Cosine (Degrees and Radians)

Discussion in 'Mac Programming' started by forrestgrant, Jun 27, 2008.

  1. macrumors member

    Jun 24, 2008
    Hi there, I have a function in my objective c project that plays with sine and cosine... basically:
    float y;
    float x;
    x = 85.09 //any number really
    y = cos(x);
    The problem is that by default, xcode (or objective c, im not entirely sure which) uses Radians to graph a cosine wave. But I want my answer to come back in degrees. I know all about how to mathematically convert a radian to a degree and vice versa. But for the purpose of actually graphing something, I would love to actually create a cosine wave in degrees. Any ideas?
  2. macrumors 68040


    Jan 10, 2005
    Dallas, TX
    I don't think this is provided by anything in the C standard library math.h. I don't know about any Cocoa frameworks that provide the functionality you're looking for. It's probably best to just make a function CosDegrees or something similar and use cos from math.h and do the manipulation yourself.

  3. macrumors regular

    Jun 10, 2008
    In the example you posted, it appears that the angle value you're passing is meant to be in degrees. The standard C trig functions accept angle parameters in radians, so all you'd need to do is convert your value in degrees to radians before passing to the cos() [or sin(), or whatever] function.

    In the past, I've written my own helper functions (or macros) to do these conversions for me -- RAD2DEG() and DEG2RAD() would be what I recommend.
  4. macrumors 603


    Jan 31, 2005
    Omaha, NE, USA
    or, just change the last line to y = cos(2*pi*x/360)
  5. macrumors regular

    Jun 10, 2008
    Additionally, if you're concerned about (partial) optimization, you could rewrite this as:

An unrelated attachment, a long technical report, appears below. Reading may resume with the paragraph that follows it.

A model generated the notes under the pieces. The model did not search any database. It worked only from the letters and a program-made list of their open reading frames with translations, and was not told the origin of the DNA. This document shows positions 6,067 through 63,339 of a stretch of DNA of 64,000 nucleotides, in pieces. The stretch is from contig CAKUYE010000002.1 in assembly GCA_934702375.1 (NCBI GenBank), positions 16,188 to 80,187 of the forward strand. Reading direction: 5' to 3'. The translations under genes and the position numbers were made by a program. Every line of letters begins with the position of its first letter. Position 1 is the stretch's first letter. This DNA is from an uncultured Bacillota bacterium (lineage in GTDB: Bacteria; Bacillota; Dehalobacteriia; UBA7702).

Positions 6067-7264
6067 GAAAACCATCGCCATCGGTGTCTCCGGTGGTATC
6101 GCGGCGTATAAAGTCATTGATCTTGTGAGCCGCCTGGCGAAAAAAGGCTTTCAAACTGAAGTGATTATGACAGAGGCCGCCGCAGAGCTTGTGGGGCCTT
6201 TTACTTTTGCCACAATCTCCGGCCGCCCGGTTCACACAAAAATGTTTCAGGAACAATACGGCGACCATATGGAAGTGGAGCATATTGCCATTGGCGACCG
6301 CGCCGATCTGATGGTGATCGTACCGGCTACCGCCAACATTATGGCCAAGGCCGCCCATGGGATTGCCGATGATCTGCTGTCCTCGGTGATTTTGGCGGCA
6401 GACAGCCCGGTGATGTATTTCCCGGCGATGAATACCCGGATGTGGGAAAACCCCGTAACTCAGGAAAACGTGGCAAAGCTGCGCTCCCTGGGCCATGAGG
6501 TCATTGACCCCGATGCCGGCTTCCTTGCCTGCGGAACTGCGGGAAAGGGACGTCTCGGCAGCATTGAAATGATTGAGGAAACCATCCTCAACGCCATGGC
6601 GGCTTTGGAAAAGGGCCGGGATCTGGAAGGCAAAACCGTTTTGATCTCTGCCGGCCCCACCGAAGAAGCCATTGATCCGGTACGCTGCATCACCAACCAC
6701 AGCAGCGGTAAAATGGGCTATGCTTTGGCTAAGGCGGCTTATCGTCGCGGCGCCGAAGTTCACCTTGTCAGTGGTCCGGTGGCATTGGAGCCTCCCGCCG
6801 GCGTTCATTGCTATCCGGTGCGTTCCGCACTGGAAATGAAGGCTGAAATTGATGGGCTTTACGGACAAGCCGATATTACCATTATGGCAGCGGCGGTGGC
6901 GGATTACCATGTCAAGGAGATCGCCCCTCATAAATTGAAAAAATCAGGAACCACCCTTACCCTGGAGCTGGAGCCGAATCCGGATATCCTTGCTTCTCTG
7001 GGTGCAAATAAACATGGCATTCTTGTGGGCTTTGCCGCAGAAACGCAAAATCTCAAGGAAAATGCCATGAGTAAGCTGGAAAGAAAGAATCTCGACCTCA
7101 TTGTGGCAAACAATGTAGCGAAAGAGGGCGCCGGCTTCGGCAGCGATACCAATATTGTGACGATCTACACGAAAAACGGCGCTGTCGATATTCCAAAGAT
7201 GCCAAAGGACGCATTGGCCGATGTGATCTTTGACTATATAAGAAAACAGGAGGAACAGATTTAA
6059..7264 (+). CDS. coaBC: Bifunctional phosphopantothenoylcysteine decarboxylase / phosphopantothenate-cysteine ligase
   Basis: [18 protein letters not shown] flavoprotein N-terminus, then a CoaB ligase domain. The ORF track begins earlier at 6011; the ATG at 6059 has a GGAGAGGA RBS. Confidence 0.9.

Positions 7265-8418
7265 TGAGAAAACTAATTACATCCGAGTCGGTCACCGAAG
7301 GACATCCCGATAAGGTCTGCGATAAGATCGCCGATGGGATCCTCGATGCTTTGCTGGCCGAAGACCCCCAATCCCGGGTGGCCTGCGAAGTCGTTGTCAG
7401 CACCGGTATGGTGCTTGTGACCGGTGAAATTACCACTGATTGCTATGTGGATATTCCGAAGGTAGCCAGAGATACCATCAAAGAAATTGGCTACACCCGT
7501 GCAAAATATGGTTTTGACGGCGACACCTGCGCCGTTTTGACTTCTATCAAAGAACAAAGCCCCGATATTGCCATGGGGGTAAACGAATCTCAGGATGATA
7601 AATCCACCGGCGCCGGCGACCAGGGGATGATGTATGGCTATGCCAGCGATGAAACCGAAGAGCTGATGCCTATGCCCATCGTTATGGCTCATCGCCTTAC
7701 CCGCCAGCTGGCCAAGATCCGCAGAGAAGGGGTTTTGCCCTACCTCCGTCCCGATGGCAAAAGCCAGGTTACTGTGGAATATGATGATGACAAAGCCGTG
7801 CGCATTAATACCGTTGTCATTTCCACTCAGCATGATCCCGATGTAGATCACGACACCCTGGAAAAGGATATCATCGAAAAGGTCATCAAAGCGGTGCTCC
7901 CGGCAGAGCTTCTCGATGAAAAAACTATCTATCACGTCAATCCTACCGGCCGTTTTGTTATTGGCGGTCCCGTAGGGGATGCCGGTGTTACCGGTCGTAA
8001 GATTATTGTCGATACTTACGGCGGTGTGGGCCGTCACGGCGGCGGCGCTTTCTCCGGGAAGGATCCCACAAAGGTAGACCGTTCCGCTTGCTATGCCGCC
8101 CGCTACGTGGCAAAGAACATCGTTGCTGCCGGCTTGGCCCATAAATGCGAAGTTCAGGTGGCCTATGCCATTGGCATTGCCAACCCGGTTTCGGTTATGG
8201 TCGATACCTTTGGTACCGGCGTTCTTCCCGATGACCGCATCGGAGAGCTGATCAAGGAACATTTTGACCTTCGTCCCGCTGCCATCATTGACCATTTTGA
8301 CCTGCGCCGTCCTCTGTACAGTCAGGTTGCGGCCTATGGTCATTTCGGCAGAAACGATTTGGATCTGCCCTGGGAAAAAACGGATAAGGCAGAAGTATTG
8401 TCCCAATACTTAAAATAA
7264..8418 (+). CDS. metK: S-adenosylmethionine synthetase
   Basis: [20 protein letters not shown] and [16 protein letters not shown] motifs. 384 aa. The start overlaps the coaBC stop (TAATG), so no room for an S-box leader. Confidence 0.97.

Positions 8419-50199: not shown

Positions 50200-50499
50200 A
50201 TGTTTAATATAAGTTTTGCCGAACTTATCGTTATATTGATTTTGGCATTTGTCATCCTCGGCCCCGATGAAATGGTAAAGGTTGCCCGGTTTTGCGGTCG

y = cos( pi * x / 180 );

    And it's possible to optimize this even further!
  6. thread starter macrumors member

    Jun 24, 2008
    cool, looks like that worked. I knew how to convert degrees to radians, I did not know doing it inside the function would change the entire wave.
  7. macrumors 6502a


    Jan 4, 2002
    Austin, TX
    Uh, cosine and sine are both radians-based so yeah they would be different if you passed in Degrees.
  8. macrumors 6502

    Apr 24, 2008
    I'm pretty sure these constant expressions are eliminated at compile-time. So always write down stuff you can understand later, when you re-read your own code. Don't pre-calculate 2pi/360 yourself and insert that magic number everywhere.
  9. macrumors 68000


    Jun 22, 2003
    CGFloat DegreesToRadians(CGFloat degrees) {return degrees * M_PI / 180;};

    That line right after your import statements should register that method which should run as fast as something called from the core foundation library without the overhead of a traditional function call to the class itself.
  10. macrumors 6502

    Apr 24, 2008
    That's hoping it gets inlined, which is not guaranteed. Besides, why use CGFloat instead of plain old float (or better still, double)?
  11. macrumors 6502a

    Sep 3, 2005
    Cramlington, UK
    You can define the conversion once using a macro, something like this:-

    #define RADIANS( degrees ) ( degrees * M_PI / 180 )
    y = cos( RADIANS(x) ) ;
    b e n
  12. macrumors newbie

    Jul 22, 2008
    In the early days of PC game programming (middle 80's), we used a trick in assembler that you might consider for specialized situations.

    If you need considerable accuracy, this won't work.

    For early games, we often simplified angles to 1 degree or .5 degree increments. The sin and cos functions from trig are calculated by a number of means (including, say, polynomial approximations) - but there was a time when most of us used a chart - and that's what was often done in the early games.

    For 1 degree increments, we created an array for sine, populated each entry in the array with the value of sine for each degree (or, at twice the size, each half degree) - and simply referenced the entry in the array AS the angle in degrees.

    This was usually done for the old 386 (and it's ancestors), which didn't have floating point hardware. It's not as much of a speed enhancement today as it was way back when, and I offer the approach only as a view into how this problem was handled under a specialized circumstance.

    However, you should consider if there's a performance issue or not. The division takes some time, and if you are concerned about performance, you may find that the user perspective (of degrees) is a display or presentation only, and make the conversion from radians TO degrees for display and input, because it is more common that supplying the 'native' radians to the sin/cos functions is faster because that's more dense processing.

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